Last weekend the Hollywood Bowl celebrated the 50th anniversary of the Beatles' debut performance at the storied venue. The bandleader for the three nights was Dave Stewart, producer, guitarist, father and co-founder of Eurythmics.
He invited some peers and family members to remember the moment that Beatlemania officially conquered Los Angeles. These guests included Billy Ray Cyrus, Mary Lambert, Allen Stone -- and a whole lot of Dave Stewart and family.
If the volume of email and many livid posts on the Bowl's Facebook page are any indication, the evening didn't go well. Some wondered why The Times had yet to chime in, and even imagined a conspiracy involving a spiked review.
(Because of other events last weekend -- specifically, the FYF Fest at Exposition Park -- The Times didn't send a critic to the show to review it for the paper. Truth be told, another deciding factor for not doing so was that the roster didn't look all that interesting.)
But the Times' Randy Lewis attended Friday's show, and described it as "a train wreck" -- as well as "under-rehearsed, and decidedly lacking in passion toward this music."
The show prompted Lewis, like many others, to wonder where the star-power was: "In this town, with a thousand musicians who know this music inside out and love it, why they couldn’t pull together a group of musicians more invested in making the music breathe is confounding."
Writing for the Orange County Register, critic Steve Mirkin was scathing: "This was as flat-footed and desultory a re-creation of the Beatles as can be imagined, so jaw-droppingly bad, it reminded one of 'Springtime for Hitler,' only with mop tops in place of mustaches."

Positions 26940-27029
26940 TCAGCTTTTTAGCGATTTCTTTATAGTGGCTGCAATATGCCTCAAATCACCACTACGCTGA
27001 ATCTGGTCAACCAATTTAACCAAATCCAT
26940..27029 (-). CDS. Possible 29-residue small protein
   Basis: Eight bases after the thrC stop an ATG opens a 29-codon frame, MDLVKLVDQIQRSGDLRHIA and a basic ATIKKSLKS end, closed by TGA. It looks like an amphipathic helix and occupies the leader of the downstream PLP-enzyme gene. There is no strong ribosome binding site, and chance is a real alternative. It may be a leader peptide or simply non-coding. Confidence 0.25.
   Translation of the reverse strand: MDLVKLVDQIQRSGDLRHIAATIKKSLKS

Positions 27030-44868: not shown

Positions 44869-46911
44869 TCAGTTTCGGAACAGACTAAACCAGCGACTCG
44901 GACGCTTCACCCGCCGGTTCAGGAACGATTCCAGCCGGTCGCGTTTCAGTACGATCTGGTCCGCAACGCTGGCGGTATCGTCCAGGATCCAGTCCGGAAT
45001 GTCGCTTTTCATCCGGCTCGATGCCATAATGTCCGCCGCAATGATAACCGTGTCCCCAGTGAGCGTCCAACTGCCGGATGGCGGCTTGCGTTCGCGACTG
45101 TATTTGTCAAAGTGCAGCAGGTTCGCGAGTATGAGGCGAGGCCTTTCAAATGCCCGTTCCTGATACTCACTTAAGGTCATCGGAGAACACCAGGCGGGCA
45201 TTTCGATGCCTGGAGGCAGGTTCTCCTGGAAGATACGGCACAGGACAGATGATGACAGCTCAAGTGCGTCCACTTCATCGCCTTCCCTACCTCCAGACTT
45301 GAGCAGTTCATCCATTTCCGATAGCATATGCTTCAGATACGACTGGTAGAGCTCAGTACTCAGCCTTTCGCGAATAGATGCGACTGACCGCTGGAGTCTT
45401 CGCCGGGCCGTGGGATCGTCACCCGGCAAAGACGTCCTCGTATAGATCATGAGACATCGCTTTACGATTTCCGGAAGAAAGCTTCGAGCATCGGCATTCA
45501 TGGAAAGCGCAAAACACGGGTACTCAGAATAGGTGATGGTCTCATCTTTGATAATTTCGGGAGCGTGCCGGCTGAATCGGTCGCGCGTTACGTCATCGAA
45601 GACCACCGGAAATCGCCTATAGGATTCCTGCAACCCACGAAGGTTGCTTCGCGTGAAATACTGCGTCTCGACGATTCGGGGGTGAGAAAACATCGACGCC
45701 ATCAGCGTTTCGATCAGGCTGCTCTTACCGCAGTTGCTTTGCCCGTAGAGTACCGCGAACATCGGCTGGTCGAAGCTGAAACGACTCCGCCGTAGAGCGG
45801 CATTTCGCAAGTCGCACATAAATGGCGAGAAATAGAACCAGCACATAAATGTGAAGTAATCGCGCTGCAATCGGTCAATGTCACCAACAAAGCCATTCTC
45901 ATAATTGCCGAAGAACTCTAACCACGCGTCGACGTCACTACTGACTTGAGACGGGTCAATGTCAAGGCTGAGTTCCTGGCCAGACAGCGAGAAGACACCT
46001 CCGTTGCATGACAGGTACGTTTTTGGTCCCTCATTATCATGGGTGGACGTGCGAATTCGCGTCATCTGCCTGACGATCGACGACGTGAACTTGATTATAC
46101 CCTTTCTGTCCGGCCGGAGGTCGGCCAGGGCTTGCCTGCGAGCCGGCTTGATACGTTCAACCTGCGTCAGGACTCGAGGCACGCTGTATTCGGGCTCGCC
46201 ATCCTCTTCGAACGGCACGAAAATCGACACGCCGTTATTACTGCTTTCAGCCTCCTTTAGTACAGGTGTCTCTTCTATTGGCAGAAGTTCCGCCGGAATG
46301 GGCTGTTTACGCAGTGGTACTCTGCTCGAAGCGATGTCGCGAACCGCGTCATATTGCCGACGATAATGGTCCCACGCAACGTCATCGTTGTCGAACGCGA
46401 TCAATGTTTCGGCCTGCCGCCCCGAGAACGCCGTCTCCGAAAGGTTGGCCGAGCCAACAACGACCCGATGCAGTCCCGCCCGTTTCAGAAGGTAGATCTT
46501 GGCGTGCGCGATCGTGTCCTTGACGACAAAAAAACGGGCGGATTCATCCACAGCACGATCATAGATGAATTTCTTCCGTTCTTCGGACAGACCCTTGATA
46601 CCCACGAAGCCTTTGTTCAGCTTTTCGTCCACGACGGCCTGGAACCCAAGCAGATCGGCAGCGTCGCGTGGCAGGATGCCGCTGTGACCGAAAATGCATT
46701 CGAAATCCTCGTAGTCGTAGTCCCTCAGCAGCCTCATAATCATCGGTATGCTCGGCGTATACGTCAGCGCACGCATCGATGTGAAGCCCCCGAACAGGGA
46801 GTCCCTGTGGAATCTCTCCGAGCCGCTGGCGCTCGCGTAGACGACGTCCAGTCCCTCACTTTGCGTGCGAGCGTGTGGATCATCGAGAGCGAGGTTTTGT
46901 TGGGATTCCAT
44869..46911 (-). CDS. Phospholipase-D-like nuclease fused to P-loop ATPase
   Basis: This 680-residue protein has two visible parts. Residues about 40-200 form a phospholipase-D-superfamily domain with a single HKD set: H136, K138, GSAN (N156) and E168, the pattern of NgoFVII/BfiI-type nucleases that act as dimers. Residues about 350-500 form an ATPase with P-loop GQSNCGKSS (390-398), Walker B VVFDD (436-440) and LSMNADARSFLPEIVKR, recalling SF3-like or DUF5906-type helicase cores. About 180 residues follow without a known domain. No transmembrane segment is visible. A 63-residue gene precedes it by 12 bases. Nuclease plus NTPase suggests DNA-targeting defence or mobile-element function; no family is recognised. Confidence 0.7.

Attendees posting on the Bowl's Facebook page were just as harsh: "The worst concert ever," wrote one: "A sold out crowd was expecting a tribute to the Beatles and this 'Stewart Family' act was an embarrassment to the tradition of the Hollywood Bowl. I yelled it last night and I'll yell it again... BOO!!!"
Another commenter noticed that some of the Beatles' great lyrics were flubbed. "It's sad that the kids in the row behind us pointed out when the entertainers messed up the lyrics. It's a shame that there were so many absolutely horrible portions to this show. I can't think of anything that I enjoyed aside from the outside of the Bowl being lit up. Everyone around us were cracking jokes and NO ONE complained because it was a better show then that in front of us."
Those who knew history, though, might have predicted this. None other than John Lennon had some choice words to say about the band's Bowl gigs. Asked by Rolling Stone founder Jann Wenner during an interview what Lennon thought of the concert, Lennon was blunt. "It was awful. Hated it."
We've contacted the Hollywood Bowl for an official response to critics of the Beatles tribute. We'll update this post with any fresh information.
Update, Aug. 27, 2:34 p.m. The Los Angeles Philharmonic has released a statement regarding the criticism of the Bowl shows. It is republished in its entirety below:
"We appreciate that the Hollywood Bowl has enthusiastic, engaged and loyal patrons. We take their comments to heart and are of course disappointed when any of our patrons are unsatisfied."
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